A day or two ago, our friends at Symantec released a blog post about the growing success of "ransomware". (They also have a whitepaper here, and a nice gallery of screenshots of several variations here.)
Briefly, ransomware is malware that either locks up a computer, or encrypts data files, and then offers to restore access once a fine/ransom is paid. Traditionally, it's been more of a problem in Europe (especially Eastern Europe) than elsewhere, probably due to the variety of e-payment mechanisms available to the cybercriminals there. It also has a long history of impersonating various police-type organizations, depending on which country the victim lives in. (And, we should also note that it's foolish to expect the Bad Guys to play nice and actually unlock someone's computer once they've got their money.)
Recently, however, the Bad Guys are figuring out ways to extract money from American victims, and so this type of malware is showing up more often on this side of the Atlantic. (Visa and Mastercard are problematic for the Bad Guys to use for any extended period of time, as they have to find a bank to process the transactions, and that's hard to do, since fraudulent and criminal activity brings too much scrutiny.)
Coincidentally, Jeff had sent out an e-mail to the malware team on Tuesday showing a ransomware example he'd found that had locked up one of his malware analysis computers:
The malware did a pretty thorough job of it — no obvious way to bypass the lock and remove it; no Explorer, no Task Manager, etc. So he flagged the site as Malware, dumped the locked-up VM, and moved on to other work. (Don't try this at home, kids!)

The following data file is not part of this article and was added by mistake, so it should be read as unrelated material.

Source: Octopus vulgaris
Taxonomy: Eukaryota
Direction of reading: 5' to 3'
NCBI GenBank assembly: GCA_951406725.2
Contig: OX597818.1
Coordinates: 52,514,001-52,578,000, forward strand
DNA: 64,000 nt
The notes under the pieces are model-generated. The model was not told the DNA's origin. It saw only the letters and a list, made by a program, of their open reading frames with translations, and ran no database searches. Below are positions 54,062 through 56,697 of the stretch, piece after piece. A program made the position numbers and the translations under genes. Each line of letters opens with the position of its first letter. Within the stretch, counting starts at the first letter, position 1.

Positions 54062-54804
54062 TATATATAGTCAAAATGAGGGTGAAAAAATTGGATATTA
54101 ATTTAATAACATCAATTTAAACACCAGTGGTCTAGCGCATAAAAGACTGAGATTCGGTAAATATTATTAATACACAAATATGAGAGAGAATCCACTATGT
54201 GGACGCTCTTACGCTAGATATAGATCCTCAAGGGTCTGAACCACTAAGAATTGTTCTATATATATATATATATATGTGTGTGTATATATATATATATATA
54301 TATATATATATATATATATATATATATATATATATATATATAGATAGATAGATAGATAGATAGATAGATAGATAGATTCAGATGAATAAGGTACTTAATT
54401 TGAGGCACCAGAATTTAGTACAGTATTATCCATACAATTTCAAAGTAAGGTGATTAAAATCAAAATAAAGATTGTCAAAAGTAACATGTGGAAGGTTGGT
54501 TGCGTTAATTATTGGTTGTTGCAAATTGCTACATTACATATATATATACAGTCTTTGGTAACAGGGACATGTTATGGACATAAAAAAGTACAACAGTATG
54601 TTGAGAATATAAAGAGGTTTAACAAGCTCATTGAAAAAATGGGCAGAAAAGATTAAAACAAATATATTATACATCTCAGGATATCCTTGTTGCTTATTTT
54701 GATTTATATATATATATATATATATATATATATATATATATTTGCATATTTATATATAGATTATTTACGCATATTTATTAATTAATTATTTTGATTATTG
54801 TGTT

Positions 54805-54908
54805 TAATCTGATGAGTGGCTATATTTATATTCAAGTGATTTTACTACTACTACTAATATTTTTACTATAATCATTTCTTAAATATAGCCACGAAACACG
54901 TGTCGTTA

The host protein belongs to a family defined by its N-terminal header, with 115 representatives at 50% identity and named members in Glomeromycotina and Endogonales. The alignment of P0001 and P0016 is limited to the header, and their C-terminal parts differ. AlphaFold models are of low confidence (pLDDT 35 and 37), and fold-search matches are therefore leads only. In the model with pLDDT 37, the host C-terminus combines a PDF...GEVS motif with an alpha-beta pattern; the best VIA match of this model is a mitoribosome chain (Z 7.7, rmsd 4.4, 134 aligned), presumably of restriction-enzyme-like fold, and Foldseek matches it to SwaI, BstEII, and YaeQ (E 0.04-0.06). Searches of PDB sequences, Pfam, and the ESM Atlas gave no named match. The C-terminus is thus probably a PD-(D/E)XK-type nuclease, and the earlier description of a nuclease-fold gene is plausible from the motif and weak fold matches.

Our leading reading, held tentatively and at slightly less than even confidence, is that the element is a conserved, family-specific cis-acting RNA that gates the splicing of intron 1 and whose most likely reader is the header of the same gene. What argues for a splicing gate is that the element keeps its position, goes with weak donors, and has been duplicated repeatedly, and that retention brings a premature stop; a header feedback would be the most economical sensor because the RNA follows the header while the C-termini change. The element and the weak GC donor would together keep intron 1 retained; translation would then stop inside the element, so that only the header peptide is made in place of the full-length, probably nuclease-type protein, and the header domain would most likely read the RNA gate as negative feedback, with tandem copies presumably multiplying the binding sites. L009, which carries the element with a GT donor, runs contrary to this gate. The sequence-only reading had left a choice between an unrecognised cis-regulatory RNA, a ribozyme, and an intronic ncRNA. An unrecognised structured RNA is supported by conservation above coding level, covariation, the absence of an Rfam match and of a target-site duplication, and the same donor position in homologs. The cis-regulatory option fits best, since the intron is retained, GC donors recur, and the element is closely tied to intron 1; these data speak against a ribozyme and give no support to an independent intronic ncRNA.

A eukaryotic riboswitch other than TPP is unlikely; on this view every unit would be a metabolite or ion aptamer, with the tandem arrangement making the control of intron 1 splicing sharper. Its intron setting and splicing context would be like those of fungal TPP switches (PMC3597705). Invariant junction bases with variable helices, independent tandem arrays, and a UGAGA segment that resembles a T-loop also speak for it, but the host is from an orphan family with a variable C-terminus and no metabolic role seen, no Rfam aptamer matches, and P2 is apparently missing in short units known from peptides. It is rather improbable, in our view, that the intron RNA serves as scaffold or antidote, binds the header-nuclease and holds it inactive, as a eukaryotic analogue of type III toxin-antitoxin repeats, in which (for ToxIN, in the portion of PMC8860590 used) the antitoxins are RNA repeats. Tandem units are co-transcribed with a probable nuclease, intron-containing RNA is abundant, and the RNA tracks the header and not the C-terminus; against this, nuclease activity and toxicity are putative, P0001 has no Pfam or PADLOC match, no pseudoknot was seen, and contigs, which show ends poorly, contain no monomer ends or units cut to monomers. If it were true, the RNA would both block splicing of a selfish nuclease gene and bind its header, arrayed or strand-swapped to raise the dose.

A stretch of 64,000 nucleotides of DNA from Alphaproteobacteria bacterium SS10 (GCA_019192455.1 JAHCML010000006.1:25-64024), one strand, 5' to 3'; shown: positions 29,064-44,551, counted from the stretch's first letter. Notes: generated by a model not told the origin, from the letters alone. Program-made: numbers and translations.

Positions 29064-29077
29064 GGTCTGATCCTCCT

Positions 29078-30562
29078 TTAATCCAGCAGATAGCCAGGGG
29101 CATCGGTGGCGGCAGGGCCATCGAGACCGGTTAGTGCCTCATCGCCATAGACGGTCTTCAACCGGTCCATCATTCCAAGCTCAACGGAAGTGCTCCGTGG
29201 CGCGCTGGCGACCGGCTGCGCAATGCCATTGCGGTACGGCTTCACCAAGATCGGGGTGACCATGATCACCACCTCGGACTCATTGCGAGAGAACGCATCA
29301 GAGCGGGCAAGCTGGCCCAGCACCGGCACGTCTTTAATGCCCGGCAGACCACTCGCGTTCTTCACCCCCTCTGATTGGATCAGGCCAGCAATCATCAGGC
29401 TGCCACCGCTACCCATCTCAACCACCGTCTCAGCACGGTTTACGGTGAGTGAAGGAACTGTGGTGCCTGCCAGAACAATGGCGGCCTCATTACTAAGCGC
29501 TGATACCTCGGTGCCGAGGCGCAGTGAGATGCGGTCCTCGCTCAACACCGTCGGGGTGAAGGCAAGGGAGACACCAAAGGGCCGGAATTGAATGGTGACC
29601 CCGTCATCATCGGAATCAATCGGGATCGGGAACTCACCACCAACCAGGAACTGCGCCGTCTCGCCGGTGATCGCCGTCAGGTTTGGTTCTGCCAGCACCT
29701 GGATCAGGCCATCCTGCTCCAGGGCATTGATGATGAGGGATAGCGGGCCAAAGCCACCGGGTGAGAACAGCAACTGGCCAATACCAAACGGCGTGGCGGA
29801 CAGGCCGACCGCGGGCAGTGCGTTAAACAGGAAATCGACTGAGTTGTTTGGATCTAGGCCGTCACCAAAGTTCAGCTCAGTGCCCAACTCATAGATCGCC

The malware sample had very low detection rates (2 hits in VirusTotal on Tuesday, which had climbed to 5 detections on Wednesday). It was also not detected by the heuristics in at least one sandbox.
In operation, the EXE unpacks itself into another executable, which removes the first one from disk, and then tries to establish a connection with its controller. If it's unsuccessful, it takes no action, but if it can make contact, it proceeds to lock the computer.
So it's nasty stuff, but the good news is that WebPulse has been pretty successful at detecting the nastiness. The site that Jeff collected his sample from was namstat325.org. When I checked the logs, I found that this was one of 19 sibling sites that had been serving the malware for the last couple of weeks. (This attack began on Oct. 19th, initially with rather low levels, but it jumped about a week ago.)
The logs show 153 requests for the payload (which goes by a variety of file names), all of which were flagged as Suspicious in real time by WebPulse's "Shady EXE Detector".
If you look closely at the screenshot, you may note that it's essentially accusing Jeff of either pirating software or viewing child pornography. Symantec notes that one of the common infection vectors for ransomware is via drive-by downloads from porn sites, and one of the social engineering pressures that makes this sort of attack effective is that the victim may be too embarrassed to seek help.
Blue Coat has long recommended that our customers block Pornography as a high-risk category for security, as the Bad Guys have long known that it's an effective bait. (We should also mention that one of our internal reports is a list of "popular sites" — from the top ten thousand or so highest traffic sites in the world — that are showing up in our logs as referring a lot of visitors to malware. In nearly every such report we've seen, at least half of the sites listed are porn sites.)
–C.L. & J.D.
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